The Nottingham doctor who is nation building in Kurdistan

Nottingham Post 13/3/2012

The Nottingham doctor who is nation building in Kurdistan

Nottingham Post, Tuesday, 13/3/2012

Nearly 30 years ago, Professor Dlawer Ala'Aldeen was a young newly-qualified doctor working in northern Iraq. Saddam Hussein was at the height of his powers, harassing any opposition. This included Kurds in northern Iraq, who thought of themselves as their own nation – Kurdistan.

Saddam periodically launched attacks on his own people with gas and chemicals.

As the danger intensified, Del, as he is known to his friends, fled, becoming a refugee.

He headed on foot north east out of Iraq and across the steep hills and mountains which border north-western Iran.

Today, aged 51, he is professor of clinical microbiology at the University of Nottingham Medical School attached to the Queen's Medical Centre, where he specialises in research into meningitis and septicaemia.

But Del has another string to his bow. He is nation-building. He is back in Kurdistan as its minister of Higher Education and Scientific Research in Kurdistan Regional Government.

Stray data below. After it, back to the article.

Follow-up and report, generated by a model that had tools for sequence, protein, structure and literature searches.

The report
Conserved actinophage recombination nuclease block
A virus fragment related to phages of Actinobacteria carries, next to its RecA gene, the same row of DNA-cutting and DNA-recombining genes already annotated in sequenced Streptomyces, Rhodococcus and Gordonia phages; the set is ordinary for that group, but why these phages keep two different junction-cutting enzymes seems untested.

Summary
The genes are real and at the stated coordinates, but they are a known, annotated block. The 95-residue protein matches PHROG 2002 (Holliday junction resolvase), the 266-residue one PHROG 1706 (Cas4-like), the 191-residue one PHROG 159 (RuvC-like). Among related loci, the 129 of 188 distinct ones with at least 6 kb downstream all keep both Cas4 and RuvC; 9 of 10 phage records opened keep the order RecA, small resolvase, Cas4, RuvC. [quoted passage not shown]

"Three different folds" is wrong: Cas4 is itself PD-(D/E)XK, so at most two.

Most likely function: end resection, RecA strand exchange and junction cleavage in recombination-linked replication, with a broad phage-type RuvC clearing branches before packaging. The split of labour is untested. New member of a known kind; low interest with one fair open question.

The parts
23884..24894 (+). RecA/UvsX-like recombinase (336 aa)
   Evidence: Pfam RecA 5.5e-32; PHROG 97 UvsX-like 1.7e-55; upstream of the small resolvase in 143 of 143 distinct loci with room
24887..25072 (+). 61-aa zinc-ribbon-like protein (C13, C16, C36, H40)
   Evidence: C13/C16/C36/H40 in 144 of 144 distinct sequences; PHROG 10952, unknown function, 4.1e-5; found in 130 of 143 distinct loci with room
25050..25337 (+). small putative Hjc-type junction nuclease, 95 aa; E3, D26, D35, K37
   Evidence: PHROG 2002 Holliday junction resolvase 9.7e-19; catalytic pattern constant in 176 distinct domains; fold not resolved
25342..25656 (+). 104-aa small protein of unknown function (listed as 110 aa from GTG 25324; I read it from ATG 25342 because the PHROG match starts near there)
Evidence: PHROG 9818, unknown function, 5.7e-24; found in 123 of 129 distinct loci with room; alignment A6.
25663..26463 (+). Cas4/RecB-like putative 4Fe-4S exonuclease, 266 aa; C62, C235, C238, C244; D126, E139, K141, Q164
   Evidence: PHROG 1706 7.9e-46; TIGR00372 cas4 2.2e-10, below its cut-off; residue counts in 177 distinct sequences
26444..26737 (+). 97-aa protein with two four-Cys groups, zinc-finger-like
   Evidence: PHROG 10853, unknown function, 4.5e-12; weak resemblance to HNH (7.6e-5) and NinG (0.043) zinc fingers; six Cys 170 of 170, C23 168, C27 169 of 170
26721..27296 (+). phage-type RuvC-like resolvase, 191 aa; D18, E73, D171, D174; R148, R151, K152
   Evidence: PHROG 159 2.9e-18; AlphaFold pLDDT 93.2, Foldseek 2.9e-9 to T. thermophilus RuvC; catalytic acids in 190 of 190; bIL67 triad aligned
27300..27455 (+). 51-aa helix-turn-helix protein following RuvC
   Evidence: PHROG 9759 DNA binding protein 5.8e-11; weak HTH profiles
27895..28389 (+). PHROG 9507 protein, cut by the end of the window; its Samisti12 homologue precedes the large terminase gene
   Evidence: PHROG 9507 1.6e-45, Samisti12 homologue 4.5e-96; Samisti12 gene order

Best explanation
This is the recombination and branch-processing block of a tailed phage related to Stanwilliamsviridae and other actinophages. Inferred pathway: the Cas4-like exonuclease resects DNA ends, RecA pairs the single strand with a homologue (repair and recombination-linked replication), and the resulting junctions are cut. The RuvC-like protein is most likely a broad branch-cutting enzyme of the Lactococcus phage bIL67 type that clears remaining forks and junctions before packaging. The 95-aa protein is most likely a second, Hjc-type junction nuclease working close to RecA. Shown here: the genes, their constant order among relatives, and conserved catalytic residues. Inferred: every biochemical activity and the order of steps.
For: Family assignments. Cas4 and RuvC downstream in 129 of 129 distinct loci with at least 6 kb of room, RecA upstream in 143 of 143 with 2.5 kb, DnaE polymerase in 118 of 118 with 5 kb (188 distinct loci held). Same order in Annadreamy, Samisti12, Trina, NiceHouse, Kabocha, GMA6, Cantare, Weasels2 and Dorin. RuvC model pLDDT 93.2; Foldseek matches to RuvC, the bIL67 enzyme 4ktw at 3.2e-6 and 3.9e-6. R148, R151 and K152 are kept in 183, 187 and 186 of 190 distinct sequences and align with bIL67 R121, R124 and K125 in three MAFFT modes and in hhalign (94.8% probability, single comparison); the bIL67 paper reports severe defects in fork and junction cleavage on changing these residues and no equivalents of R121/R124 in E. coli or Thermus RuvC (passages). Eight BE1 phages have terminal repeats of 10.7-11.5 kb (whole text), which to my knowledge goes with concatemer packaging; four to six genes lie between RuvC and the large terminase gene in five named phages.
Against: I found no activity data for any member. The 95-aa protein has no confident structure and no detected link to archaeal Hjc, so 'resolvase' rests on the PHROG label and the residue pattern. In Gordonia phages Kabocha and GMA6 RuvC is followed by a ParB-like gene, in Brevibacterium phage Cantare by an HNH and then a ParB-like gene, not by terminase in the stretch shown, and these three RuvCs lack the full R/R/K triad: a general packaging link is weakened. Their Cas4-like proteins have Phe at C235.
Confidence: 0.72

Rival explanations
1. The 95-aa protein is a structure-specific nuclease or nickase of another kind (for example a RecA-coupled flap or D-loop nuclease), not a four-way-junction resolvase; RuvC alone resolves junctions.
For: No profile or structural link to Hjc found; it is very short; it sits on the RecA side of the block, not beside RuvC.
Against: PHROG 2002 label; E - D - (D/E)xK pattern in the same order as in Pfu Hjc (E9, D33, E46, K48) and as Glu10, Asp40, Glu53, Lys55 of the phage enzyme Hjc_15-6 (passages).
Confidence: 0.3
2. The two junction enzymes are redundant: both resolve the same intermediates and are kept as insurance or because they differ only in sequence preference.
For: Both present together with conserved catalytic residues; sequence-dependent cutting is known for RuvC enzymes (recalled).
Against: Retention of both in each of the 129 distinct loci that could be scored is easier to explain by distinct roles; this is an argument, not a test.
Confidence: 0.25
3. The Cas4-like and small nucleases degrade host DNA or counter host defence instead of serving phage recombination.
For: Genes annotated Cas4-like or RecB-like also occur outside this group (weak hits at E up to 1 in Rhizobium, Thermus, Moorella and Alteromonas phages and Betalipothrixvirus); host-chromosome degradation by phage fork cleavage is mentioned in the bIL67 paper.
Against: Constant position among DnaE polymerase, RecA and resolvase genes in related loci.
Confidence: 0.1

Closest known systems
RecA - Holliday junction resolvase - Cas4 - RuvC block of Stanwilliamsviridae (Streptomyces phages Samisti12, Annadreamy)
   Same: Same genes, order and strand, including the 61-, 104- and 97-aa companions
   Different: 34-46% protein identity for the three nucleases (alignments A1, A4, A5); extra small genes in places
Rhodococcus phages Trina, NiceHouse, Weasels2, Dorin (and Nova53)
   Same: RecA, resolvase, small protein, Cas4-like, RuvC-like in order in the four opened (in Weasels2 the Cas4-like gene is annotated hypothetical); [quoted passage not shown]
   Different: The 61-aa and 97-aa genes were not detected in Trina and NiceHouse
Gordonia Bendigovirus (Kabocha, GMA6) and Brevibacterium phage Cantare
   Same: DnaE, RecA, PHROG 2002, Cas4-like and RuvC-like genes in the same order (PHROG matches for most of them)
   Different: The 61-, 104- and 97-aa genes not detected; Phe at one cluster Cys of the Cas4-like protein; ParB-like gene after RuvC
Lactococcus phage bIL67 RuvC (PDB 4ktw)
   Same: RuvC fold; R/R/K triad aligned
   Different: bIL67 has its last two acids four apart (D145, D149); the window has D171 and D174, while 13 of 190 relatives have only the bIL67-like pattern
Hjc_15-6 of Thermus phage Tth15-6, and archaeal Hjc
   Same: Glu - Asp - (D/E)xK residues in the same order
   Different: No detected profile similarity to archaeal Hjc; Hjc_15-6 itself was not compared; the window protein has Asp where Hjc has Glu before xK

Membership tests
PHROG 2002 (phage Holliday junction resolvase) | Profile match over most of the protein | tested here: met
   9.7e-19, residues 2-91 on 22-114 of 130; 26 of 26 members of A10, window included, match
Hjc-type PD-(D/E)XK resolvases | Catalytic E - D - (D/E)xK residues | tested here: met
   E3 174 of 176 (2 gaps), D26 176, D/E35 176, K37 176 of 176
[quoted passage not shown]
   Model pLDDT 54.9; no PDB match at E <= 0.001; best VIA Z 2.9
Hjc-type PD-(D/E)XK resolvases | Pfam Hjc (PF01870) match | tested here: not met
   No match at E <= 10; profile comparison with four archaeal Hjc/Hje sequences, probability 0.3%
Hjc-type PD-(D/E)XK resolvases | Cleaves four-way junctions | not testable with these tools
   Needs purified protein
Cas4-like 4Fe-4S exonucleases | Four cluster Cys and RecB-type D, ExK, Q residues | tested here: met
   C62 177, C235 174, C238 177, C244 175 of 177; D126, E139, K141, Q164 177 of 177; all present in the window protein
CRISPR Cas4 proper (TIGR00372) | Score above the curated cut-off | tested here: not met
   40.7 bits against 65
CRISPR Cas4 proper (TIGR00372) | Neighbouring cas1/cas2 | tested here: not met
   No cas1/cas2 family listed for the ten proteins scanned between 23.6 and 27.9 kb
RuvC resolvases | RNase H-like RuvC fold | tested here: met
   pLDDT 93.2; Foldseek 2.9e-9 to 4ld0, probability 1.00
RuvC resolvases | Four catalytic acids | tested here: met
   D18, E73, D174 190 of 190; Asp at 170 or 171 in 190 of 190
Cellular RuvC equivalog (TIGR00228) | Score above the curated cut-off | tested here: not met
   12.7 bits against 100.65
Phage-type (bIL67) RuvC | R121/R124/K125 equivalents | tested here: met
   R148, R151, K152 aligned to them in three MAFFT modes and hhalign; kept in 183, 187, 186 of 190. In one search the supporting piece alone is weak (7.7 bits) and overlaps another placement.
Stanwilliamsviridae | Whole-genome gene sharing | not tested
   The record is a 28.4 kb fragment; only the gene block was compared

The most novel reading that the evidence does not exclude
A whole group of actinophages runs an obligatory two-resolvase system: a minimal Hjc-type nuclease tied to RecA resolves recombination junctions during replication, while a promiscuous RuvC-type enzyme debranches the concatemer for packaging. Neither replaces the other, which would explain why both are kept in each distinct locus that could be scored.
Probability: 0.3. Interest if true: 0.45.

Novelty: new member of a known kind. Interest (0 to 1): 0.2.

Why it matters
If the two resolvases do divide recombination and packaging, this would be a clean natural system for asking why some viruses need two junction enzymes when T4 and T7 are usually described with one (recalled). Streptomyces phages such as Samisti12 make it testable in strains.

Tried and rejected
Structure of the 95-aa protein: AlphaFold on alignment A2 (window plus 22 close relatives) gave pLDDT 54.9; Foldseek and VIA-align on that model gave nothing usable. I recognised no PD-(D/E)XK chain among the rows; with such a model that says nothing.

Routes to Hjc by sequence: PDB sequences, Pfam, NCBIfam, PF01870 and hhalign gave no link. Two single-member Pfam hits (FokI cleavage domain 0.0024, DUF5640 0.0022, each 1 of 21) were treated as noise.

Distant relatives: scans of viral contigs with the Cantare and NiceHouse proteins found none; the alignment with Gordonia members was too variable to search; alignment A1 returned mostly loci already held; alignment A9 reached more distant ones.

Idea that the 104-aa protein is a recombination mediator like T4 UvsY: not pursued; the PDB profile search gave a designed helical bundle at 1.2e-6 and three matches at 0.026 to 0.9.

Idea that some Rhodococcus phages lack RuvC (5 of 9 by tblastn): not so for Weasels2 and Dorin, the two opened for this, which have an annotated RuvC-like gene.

It is a far cry from his days in Iraqi Kurdistan growing up in its capital, Arbil, Iraq's fourth largest city.

Arriving in London, Del had to map out a new career for himself.

He specialised in infection at the London School of Hygieine and Tropical Medicine.

Del had read medicine at university in Baghdad and when he qualified, returned to Mosul then Arbil in the north, to practice as a junior doctor.

Del said: "I arrived in Britain in December 1984 as a refugee. "I had to learn some English and register with the General Medical Council. "I had to do some post graduate degrees. I did an MSc in tropical medicine and subsequently a PhD. "But I chose to become a clinical microbiologist – it comes under pathology – and became a Member of the Royal College of Pathologists. "That gave me the clinical qualification to become a consultant."

Del discovered he enjoyed research, the challenge of discovery. Armed with the qualifications and experience these gave him, he arrived in Nottingham in November 1994 to take up a clinical lectureship at the medical school attached to the University of Nottingham and the Queen's Medical Centre.

Four years later, he was appointed reader and consultant in clinical microbiology. "The route I took was not very classical, with seven or eight years of research and then back in to clinical life," said Del.

    • Making a difference: Professor Dlawer Ala'Aldeen, pictured with a trowel, in Kurdistan in his role as minister of Higher Education and Scientific Research.